Notable Watch Index Styles
Watches are comprised of so many intricate details from the inside out, some you may not even think of. From an aesthetic perspective, you might prefer a particular case material, dial color, or bracelet style. One element you might overlook is the watch’s indices. Indices are another way to refer to the watch’s hour markers. You may be surprised at how much different types of watch indices can impact the look of the dial. Here, we’ve compiled some common types of indices for you to consider.
Arabic numerals are the most common symbols for numbers today, replacing Roman numerals. They can appear in watches in different forms. Sometimes, Arabic numerals may number each hour marker from one to twelve. Other watch designs use Arabic numerals at the three, six, nine, and twelve-o’clock positions. Occasionally, you’ll see only a single twelve-o’clock Arabic numeral marker. In some watches, elements like a date window or chronograph register replace certain sets of Arabic numerals.
An arrow marker is a style of index commonly seen in Rolex watches. This style of hour marker appears at the twelve-o’clock position. As the name indicates, it appears as a triangular arrow, usually pointing downward toward the center of the watch. Watchmakers always couple the arrow marker with another style of indices for the remaining hour markers. One example is the Rolex Submariner. It typically features an arrow marker along with a combination of baton and round indexes.
Like baton hands, baton indexes are a thick, rectangular style of hour marker. Baton indexes are more robust than the similarly shaped stick indexes. For this reason, they’re highly legible on the dial. This also allows watchmakers to equip them with elements like luminosity for better visibility in the dark. Most often, you’ll find baton indexes used on sport and tool watches because of their functional properties. Some examples of watches with baton indexes include the IWC Aquatimer and Panerai Luminor.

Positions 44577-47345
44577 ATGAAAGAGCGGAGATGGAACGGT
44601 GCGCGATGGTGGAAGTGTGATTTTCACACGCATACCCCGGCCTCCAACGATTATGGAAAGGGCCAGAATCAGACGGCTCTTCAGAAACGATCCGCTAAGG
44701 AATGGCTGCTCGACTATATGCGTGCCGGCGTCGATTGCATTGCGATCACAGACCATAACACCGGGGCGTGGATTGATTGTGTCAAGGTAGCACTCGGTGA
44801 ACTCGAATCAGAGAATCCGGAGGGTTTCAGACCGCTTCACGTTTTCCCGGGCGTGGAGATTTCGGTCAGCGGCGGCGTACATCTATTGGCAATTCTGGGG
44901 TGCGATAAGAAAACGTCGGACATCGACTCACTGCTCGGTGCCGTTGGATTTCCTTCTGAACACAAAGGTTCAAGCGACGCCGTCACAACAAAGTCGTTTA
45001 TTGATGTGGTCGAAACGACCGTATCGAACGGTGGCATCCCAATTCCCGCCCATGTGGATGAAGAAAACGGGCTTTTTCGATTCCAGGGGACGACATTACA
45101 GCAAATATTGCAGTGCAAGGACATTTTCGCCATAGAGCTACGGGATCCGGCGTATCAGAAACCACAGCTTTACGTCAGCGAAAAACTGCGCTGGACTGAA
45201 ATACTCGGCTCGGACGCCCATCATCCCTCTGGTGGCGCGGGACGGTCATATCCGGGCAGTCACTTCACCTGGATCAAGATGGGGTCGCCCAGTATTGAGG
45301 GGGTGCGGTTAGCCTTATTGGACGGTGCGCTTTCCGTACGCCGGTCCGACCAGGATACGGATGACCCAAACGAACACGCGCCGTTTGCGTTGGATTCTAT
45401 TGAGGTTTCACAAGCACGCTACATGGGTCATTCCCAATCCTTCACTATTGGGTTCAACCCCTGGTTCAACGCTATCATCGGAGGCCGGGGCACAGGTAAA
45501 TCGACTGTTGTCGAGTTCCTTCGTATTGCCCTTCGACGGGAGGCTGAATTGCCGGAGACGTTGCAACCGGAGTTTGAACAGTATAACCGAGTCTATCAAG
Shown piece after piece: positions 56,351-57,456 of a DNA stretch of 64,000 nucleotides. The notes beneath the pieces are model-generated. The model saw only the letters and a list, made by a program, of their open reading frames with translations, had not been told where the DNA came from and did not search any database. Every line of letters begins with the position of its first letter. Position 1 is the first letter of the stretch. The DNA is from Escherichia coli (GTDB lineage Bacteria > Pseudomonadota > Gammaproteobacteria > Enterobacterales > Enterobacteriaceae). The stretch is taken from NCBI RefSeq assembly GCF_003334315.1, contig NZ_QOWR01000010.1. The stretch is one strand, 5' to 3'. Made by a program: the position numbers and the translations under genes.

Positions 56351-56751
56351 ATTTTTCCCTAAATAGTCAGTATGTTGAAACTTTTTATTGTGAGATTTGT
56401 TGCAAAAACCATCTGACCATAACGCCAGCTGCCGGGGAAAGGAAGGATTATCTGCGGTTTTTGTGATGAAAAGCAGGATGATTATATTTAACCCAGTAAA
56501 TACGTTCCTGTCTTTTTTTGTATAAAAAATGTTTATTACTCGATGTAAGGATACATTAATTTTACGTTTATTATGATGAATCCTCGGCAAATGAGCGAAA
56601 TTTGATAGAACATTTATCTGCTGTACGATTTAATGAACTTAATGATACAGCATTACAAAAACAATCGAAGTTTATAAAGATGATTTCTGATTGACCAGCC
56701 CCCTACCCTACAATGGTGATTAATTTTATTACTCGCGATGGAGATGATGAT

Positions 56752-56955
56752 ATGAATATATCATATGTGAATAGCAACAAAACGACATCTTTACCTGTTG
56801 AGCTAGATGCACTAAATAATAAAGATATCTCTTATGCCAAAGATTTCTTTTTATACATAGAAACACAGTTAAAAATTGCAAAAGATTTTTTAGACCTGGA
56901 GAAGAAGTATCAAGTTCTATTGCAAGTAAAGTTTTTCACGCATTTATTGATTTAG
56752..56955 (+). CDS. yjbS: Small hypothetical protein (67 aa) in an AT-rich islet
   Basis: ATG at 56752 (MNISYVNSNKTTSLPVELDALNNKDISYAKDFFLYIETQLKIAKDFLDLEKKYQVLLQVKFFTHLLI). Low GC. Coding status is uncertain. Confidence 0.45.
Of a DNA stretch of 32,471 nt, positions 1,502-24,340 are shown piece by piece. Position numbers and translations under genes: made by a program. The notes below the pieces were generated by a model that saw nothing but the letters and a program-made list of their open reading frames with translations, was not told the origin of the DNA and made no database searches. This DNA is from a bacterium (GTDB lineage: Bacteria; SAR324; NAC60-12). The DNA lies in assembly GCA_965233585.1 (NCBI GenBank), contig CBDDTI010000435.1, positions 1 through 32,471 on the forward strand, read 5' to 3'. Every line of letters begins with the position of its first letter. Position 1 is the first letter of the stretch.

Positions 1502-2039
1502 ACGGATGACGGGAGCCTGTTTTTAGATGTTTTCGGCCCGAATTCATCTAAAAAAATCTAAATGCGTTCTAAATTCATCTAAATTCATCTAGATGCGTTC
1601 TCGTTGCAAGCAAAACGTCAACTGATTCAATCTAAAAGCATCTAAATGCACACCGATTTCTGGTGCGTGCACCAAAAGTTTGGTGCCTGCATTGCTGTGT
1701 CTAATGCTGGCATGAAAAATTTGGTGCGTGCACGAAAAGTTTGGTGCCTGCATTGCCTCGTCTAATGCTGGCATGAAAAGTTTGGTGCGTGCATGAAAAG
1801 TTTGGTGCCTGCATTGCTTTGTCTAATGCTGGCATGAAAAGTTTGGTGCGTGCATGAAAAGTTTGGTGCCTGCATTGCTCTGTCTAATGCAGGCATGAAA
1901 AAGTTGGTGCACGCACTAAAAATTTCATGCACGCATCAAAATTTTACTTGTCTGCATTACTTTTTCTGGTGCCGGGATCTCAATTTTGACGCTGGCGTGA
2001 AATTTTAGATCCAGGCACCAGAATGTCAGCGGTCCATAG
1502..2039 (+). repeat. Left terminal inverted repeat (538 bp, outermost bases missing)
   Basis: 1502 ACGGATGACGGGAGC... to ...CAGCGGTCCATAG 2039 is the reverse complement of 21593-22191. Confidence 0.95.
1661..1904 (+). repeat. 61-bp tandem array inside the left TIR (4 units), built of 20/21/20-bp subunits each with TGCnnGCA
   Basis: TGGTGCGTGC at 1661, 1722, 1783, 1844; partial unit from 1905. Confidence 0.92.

Breguet numerals are a modified type of Arabic numeral developed by Abraham Louis Breguet himself. The style first appeared just before the French Revolution. The design of Breguet numerals reflect the time with an elegant calligraphy-like appeal. Though they’re not one of the most common types of watch indices, watchmakers still use them today. You’ll most often find them on models with enamel dials.
Dagger indexes are another more obscure style of hour marker. You’ll find this particular type of watch indices on some vintage Rolex models. As the name suggests, dagger indexes have an arrow shape. Like the arrow marker itself, the dagger indexes typically point toward the center of the dial and are usually faceted.
Unlike other styles of watch indices that serve a functional purpose, diamond markers are purely aesthetic. As you might guess, diamond markers are simply precious stones present at the hour markers in place of other indices. Diamond markers usually accompany other diamond accents on a model, like a diamond bezel. You’ll most often find diamond markers used in ladies’ models, giving them a feminine, jewelry touch. However, watchmakers also use diamond markers in some men’s models.
Before Arabic numerals, Roman numerals were the typical way of writing numbers up until the late Middle Ages. Roman numerals consist of a combination of letters from the Latin alphabet. Though you’re less likely to find them used in most applications, many watchmakers still employ Roman numerals in their designs. Like Arabic numerals, Roman numerals may appear in a number of different ways. In some instances, they’ll number the entire watch face from one to twelve. In other cases, they only appear at the three, six, nine, and twelve-o’clock positions.
Like baton indexes, round indexes are a highly legible option for dial markers. Similarly, watchmakers can easily treat them with a luminous substance for optimal visibility in any conditions. You’ll typically find them paired with a combination of baton and arrow or triangular indexes. Round indexes are another popular choice for sport and tool watch models. A couple examples are the Rolex Submariner and the OMEGA Seamaster.
Last but not least, stick indexes are a slimmer, more refined version of baton indexes. Stick indexes get their name from their long, thin shape. Though watchmakers can treat stick indexes with luminosity in some designs, they usually apply them to the dial. Because of their sleek and sophisticated design, you’ll often find stick indexes used for dress watches.
Regardless of the type on indices you are drawn to, each one gives the watch its own unique styling and charm.